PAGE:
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Social commentary in the horror genre is at an all-time high in prevalence and popularity, especially with the success of the technophobic Black Mirror on Netflix and the racially and economically conscious films of Academy Award winner Jordan Peele to name a few. However, not many horror movies have been as brutally honest (emphasis on “brutal”) with their message as the franchise created by James DeMonaco, which envisions a seemingly utopian future thanks to one night a year in which all crime is legal. Before we see the rules change with The Forever Purge, coming to theaters Friday, July 2, 2021, let’s review the history of this fictional national holiday by checking out where to find the Purge movies on streaming, available to rent, or purchase on a physical copy, starting with the thriller that started it all.
The Purge (2013)
In 2022 (dang, that’s close), salesman James Sandin (Ethan Hawke) is confident he, his wife, Mary (Game of Thrones cast member Lena Headey), and two children, Zoey (Adelaide Kane) and Charlie (Max Burkholder), will be safe from tonight’s federally instituted, 12-hour period of lawlessness with the home security system he has, unsurprisingly, made a fortune off of. However, soon after the chaos commences, Charlie allows a desperate stranger (Edwin Hodge, older brother of Aldis) into their home and the family becomes targeted by a group of malicious, yet cunningly polite, masked invaders.
Writer and director James DeMonaco unleashed his vision of a violence-obsessed country with this first installment that proved to be yet another big hit for Blumhouse. A politically-driven reinvention of the home invasion thriller subgenre, The Purge - streaming now on Peacock - was only a small glimpse of the anarchy the franchise had in store.
The Purge: Anarchy (2014)
In 2023, a grieving police sergeant (Frank Grillo) intends to take advantage of tonight’s 12-hour period of lawlessness by seeking revenge on the man who killed his son. However, soon after the chaos commences, he takes on the responsibility of guiding a waitress (Carmen Ejogo), her daughter (Zoë Soul), and a soon-to-be divorced couple (Zach Gilford and Kiele Sanchez) to safety after they are randomly selected as targets by the sociopaths wreaking governmentally accepted havoc.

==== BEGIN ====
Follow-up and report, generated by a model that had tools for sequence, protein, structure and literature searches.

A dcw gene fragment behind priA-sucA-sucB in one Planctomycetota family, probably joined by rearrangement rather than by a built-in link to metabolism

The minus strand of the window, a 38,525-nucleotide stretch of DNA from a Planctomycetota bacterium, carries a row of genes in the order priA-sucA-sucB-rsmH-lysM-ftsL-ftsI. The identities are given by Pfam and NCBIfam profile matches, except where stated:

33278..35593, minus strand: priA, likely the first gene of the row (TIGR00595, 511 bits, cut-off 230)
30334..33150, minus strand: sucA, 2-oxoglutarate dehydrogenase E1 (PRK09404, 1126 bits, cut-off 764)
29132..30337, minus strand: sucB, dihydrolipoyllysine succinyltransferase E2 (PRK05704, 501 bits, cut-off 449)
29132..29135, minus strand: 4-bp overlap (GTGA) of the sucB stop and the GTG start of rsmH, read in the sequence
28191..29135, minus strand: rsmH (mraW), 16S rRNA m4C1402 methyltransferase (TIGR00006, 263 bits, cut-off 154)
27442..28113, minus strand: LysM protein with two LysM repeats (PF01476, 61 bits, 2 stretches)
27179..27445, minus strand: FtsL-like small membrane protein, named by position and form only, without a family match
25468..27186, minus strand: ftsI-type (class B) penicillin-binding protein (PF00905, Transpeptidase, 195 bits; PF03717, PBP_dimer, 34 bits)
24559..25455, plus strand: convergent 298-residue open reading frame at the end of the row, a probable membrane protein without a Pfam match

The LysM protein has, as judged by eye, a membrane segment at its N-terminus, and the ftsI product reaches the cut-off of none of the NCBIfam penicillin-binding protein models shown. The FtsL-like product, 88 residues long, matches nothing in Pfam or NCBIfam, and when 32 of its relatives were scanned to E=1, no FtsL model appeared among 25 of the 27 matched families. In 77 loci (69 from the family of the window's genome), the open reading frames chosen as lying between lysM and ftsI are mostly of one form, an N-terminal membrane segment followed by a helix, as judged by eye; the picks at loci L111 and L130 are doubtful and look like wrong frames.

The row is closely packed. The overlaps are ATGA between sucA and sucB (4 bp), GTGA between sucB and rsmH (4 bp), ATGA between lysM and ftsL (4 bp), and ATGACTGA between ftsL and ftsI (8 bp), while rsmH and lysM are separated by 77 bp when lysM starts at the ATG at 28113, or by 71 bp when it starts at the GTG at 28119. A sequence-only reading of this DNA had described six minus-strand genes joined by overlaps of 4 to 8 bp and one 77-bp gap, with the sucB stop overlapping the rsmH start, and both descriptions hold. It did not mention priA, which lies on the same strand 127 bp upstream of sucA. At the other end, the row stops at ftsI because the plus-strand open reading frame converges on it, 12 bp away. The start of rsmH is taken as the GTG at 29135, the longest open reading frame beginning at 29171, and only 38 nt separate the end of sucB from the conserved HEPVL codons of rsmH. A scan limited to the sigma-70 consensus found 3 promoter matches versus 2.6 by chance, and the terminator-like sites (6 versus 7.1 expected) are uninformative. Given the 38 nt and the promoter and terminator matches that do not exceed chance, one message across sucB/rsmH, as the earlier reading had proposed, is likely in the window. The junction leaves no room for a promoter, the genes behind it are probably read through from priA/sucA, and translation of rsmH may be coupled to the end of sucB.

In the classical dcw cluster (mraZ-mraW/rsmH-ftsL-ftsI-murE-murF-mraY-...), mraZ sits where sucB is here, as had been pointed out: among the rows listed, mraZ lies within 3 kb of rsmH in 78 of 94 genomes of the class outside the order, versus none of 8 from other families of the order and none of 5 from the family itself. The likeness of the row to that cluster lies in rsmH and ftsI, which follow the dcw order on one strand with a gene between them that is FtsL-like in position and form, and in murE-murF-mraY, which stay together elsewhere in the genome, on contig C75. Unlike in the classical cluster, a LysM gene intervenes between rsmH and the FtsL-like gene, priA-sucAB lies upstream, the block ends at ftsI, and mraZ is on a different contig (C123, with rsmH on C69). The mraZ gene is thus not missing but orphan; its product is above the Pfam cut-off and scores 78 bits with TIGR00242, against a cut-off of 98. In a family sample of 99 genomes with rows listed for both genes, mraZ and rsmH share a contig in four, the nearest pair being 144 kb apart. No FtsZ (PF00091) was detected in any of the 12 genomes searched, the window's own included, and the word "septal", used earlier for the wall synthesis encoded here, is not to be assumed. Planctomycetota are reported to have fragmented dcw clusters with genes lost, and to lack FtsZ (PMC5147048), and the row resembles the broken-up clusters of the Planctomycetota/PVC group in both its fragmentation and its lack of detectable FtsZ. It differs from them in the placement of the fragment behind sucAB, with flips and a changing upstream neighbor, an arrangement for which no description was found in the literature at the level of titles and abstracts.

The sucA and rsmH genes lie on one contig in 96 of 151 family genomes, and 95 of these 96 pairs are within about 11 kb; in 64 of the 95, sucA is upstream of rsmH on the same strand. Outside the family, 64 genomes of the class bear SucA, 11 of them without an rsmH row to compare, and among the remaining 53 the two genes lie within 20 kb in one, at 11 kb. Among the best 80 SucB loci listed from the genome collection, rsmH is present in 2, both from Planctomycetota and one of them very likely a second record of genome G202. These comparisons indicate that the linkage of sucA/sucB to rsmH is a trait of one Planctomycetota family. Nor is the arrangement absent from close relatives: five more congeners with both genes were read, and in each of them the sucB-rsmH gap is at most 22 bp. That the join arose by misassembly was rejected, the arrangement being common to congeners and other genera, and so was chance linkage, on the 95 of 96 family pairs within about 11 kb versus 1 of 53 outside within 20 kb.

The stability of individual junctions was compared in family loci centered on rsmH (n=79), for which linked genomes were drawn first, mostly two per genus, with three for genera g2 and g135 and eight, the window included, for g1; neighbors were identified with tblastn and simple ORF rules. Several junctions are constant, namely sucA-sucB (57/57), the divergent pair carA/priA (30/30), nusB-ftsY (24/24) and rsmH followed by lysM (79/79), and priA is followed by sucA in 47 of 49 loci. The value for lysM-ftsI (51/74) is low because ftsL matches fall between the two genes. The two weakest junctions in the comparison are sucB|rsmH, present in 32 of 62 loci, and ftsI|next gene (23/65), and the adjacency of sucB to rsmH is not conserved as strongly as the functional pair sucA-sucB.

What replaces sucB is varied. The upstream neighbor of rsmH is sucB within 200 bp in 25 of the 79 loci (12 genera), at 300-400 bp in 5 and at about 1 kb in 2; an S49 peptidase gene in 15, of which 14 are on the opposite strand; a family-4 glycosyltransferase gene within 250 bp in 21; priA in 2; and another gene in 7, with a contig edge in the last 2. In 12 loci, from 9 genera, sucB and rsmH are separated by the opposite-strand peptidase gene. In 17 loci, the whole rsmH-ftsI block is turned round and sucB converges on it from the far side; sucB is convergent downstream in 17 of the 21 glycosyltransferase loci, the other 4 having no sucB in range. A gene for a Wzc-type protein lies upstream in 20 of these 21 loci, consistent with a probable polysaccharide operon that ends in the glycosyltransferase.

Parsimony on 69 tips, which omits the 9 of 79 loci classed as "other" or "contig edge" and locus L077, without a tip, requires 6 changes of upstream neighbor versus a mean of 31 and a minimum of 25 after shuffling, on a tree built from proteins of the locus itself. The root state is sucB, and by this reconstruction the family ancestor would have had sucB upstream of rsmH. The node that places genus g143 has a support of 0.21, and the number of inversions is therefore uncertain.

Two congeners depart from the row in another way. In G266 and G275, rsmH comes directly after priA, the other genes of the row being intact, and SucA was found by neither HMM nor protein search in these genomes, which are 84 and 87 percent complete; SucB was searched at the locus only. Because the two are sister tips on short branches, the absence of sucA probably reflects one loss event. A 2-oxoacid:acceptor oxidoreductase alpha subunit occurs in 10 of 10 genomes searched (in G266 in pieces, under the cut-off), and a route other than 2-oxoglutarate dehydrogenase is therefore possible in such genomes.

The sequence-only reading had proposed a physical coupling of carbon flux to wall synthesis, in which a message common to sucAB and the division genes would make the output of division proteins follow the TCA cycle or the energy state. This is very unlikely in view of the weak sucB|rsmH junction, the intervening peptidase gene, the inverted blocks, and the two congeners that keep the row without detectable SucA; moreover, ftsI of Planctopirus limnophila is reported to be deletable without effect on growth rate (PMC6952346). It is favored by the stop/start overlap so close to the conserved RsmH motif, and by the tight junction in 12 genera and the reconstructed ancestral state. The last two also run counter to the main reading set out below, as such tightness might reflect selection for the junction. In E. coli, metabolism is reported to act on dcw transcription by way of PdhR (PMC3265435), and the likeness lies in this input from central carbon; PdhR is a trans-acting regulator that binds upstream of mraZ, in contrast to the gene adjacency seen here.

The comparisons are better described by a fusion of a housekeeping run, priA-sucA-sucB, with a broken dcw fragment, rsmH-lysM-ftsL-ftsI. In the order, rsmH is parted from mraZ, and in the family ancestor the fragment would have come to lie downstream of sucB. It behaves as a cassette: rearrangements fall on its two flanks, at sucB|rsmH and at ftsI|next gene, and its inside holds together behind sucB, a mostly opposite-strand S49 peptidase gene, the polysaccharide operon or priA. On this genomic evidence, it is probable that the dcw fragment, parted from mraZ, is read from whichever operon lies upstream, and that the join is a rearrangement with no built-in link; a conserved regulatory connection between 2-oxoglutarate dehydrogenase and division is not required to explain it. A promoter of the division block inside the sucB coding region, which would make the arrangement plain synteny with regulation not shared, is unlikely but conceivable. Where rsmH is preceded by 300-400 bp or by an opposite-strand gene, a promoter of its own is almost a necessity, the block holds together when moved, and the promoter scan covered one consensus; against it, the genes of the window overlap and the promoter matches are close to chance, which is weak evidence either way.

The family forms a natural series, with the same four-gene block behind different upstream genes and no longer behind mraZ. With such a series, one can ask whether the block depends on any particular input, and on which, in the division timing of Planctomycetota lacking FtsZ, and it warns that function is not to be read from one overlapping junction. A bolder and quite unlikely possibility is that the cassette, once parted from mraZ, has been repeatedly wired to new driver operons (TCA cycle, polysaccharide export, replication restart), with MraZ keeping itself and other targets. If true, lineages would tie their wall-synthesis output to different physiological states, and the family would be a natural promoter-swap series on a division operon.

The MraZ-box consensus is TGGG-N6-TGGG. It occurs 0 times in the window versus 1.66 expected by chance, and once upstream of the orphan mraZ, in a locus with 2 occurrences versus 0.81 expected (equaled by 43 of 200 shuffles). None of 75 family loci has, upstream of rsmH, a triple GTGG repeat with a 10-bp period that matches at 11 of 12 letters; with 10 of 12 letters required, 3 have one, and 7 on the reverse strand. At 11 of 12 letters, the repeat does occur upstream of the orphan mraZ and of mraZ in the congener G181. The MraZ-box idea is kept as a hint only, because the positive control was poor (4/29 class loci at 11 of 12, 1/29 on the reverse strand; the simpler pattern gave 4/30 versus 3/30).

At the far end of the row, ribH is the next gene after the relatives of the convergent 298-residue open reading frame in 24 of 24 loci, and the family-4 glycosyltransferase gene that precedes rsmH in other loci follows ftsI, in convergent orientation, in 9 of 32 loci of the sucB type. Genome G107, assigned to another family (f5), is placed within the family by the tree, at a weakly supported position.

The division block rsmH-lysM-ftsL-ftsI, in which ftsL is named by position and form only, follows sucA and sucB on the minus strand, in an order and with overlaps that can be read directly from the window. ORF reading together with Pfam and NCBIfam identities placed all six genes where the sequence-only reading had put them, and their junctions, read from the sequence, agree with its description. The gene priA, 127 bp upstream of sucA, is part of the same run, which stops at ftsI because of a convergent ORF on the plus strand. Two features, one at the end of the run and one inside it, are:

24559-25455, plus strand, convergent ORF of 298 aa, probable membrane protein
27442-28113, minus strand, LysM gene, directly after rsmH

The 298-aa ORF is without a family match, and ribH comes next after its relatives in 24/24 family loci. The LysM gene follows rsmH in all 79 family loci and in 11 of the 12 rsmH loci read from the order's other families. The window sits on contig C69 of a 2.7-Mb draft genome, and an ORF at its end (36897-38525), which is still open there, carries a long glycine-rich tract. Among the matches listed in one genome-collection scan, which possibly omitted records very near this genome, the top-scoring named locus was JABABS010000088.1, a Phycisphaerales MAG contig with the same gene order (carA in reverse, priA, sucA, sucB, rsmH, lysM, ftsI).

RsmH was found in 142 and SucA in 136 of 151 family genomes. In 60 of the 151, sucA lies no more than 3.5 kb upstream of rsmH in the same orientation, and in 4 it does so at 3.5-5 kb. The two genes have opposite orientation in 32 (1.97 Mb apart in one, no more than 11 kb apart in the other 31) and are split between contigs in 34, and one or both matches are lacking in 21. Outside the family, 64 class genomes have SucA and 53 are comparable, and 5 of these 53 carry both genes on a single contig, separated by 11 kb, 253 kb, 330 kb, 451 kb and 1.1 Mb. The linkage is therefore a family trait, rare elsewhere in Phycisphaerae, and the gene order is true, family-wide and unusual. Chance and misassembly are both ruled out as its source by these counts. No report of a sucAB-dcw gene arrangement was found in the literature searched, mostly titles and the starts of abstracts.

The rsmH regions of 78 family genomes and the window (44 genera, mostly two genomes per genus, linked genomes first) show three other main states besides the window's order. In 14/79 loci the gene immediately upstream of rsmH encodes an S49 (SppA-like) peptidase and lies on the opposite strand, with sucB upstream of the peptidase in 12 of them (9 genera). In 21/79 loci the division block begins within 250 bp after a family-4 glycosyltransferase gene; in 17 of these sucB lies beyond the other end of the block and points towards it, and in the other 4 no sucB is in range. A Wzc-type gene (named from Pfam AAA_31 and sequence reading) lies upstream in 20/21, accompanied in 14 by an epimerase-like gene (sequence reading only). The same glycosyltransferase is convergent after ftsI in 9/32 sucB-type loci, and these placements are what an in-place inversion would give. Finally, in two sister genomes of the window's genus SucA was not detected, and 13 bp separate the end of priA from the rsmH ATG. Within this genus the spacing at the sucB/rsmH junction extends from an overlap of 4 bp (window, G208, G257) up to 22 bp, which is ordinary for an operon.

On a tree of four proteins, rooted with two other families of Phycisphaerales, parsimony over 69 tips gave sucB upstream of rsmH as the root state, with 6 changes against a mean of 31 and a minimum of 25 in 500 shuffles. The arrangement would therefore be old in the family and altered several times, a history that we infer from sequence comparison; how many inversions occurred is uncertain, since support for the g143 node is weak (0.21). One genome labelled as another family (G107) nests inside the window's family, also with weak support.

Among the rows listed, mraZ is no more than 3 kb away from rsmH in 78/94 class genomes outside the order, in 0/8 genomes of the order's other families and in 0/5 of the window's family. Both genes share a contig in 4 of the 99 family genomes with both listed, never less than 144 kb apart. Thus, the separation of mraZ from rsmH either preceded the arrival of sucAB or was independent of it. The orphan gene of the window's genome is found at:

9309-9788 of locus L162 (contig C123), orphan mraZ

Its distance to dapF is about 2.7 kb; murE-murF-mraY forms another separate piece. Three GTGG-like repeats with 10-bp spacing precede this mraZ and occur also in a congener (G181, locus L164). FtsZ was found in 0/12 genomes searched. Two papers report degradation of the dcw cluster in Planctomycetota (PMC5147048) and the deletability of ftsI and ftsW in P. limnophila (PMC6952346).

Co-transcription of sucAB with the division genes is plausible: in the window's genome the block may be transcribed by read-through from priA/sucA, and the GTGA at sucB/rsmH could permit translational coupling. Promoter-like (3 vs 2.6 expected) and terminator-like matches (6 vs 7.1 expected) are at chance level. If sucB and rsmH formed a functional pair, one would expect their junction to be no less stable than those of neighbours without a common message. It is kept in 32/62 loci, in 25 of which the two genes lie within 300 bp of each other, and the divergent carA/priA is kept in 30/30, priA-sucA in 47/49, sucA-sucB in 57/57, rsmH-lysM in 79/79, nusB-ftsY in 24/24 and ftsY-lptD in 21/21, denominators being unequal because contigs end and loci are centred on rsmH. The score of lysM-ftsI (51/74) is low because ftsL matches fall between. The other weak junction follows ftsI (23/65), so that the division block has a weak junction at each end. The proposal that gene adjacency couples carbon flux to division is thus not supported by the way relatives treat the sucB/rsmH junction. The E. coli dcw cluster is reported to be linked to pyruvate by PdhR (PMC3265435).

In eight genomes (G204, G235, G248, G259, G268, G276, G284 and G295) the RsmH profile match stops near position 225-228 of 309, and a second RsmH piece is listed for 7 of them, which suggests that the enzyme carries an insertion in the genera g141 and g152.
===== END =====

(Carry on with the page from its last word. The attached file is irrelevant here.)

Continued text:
While 2013’s The Purge provided audiences with a small window of the annual night’s horrifying circumstances from the perspective of one family forced into seclusion, this indirect sequel puts you right in the middle of the action, from the perspective of people desperately seeking refuge. Released just one year after its predecessor, The Purge: Anarchy - streaming on Peacock as well - also proved Frank Grillo’s worth as leading man soon after the Marvel movies showed his worth as a villain.
The Purge: Election Year (2016)
Former police sergeant Leo Barnes (Frank Grillo) now is the head of security for presidential candidate Charlie Roan (Elizabeth Mitchell) who believes said 12-hour period of lawlessness does more harm than good. Soon after the chaos commences, Barnes’ job to protect Roan becomes a more urgent matter when a betrayal leaves them stranded on the streets of D.C. where citizens are exercising their right to go mad.